The BlackBerry Cure 9320 is a mid-entry QWERTY keypad device from RIM that comes running the BlackBerry 7.1 OS. The screen measures 2.44-inches diagonally, a memory that comes in at 512MB RAM, and has up to 32GB of storage. The Curve 9320 also have a 3.2-megapixel camera with flash, image stabilisation and geotagging. Also on board is built-in Wi-Fi, FM radio and GPS.
Like a lot of BlackBerry handsets, the BlackBerry Curve 9320 is an exceptionally made handset. The Curve 9320 features delightfully sleek lines and brushed metal touches around its curved back. It’s one sexy little smartphone.
Its messaging where the BlackBerry Cure 9320 really comes to the fore. First off you’ve got the full QWERTY keypad, which BlackBerry remain masters at. Typing out long emails, texts and instant messaging is a pleasure. the keys are a little small, but they soon grow on you.
You can also display your BBM instant messages separately from your SMS messages to help divide your conversations, or should you prefer, get your Twitter and Facebook, Windows Live Messenger and WhatsApp messages in on the action too.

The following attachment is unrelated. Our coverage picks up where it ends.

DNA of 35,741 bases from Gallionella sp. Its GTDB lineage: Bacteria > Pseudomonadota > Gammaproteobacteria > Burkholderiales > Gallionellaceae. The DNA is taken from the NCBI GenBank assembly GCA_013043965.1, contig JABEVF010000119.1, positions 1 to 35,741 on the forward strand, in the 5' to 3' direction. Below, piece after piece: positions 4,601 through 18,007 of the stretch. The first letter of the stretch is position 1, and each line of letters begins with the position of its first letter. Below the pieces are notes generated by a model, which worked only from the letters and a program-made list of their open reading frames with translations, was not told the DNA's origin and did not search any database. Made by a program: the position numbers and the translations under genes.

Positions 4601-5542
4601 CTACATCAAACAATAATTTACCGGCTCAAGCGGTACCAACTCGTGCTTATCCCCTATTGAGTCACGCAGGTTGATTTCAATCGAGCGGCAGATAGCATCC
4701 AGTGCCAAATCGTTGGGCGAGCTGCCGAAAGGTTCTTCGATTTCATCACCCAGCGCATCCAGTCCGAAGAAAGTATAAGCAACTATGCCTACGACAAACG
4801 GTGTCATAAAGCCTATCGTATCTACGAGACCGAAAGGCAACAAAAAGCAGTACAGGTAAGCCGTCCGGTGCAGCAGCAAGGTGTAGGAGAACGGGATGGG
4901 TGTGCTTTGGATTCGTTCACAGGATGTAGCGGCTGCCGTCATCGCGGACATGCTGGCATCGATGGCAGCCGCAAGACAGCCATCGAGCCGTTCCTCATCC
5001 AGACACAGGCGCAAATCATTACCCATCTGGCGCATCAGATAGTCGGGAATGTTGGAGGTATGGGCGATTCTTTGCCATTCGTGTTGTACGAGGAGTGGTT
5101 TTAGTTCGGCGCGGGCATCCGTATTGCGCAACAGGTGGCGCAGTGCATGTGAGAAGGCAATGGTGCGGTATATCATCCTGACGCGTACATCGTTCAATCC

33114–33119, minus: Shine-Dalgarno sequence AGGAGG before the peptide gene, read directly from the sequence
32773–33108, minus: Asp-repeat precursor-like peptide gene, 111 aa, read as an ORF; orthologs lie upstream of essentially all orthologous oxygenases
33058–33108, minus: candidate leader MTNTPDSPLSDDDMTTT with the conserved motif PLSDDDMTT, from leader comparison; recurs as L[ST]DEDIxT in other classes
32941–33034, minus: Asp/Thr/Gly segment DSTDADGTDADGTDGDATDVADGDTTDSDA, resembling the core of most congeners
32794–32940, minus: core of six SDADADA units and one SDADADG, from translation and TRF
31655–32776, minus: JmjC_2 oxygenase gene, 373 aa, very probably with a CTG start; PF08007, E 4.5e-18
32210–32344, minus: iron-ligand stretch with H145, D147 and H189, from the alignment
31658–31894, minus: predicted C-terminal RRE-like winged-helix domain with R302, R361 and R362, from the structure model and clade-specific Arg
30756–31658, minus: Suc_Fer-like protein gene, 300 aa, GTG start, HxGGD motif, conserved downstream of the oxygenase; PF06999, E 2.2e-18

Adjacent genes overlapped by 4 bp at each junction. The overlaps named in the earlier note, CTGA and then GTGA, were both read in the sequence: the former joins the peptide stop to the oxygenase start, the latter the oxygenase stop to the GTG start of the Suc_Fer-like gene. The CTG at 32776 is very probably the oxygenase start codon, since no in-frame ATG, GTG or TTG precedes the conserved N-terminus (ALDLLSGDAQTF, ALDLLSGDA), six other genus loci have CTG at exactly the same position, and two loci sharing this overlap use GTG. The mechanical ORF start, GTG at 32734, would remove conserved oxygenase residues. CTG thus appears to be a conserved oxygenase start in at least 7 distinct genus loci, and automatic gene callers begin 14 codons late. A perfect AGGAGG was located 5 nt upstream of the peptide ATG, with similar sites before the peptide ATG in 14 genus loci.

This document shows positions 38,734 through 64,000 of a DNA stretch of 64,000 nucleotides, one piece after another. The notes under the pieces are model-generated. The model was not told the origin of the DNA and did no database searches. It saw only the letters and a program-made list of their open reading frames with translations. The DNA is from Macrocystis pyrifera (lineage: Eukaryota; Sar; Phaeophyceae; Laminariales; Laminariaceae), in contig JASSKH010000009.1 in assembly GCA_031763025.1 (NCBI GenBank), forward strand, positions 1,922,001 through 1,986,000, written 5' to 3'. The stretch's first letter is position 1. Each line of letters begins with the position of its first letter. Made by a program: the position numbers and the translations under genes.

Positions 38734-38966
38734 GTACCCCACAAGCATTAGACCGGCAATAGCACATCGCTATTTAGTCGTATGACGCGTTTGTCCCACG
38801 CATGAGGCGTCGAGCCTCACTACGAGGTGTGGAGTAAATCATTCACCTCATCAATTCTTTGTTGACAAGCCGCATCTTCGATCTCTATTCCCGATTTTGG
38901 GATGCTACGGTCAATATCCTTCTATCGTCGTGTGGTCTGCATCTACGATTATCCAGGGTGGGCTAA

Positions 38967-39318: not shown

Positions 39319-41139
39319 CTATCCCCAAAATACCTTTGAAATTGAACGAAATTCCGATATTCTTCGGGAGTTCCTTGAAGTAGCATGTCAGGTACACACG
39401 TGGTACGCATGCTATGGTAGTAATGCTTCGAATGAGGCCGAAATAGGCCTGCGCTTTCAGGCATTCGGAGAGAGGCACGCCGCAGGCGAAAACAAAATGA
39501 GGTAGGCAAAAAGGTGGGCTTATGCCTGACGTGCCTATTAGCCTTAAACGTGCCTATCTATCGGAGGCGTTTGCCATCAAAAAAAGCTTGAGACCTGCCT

One of the plus points of using BlackBerry devices seems to be battery life. The BlackBerry Curve 9320 will keep you powered up for around two days, so its battery life won't suddenly leave you hanging.
Unfortunately surfing the web could do with a little more firepower. The BlackBerry Curve 9320 does a decent job of it, but performance in this area just feels like it’s missing something. the Curve 9320 will also struggle to load up the desktop versions of various websites - so you won’t always get the full web experience when trawling the internet on the move. And that’s on Wi-Fi. It gets even more cumbersome on 3G.
Camera performance, for a phone at the cheaper scale is acceptable, but you won’t want to do too much with your snaps besides share the odd one on Facebook. The lack of autofocus leaves its camera trailing way behind other snappers.The same can be said of the VGA quality video, which produces basic quality video that won’t match up to more recently announced smartphones, but remains decent for the odd impromptu video clip.
Blackberry Maps has also been long superseded by better navigation apps elsewhere such as Google Maps and Nokia Maps on Apple, Android and Nokia phones.
The bottom line
If you’re looking for a smartphone on the cheaper end of the scale, the BlackBerry Curve 9320 offers plenty of features such as apps, instant messaging, and Wi-Fi web browsing and makes a good job of it. For those not on a budget, there’s better out there.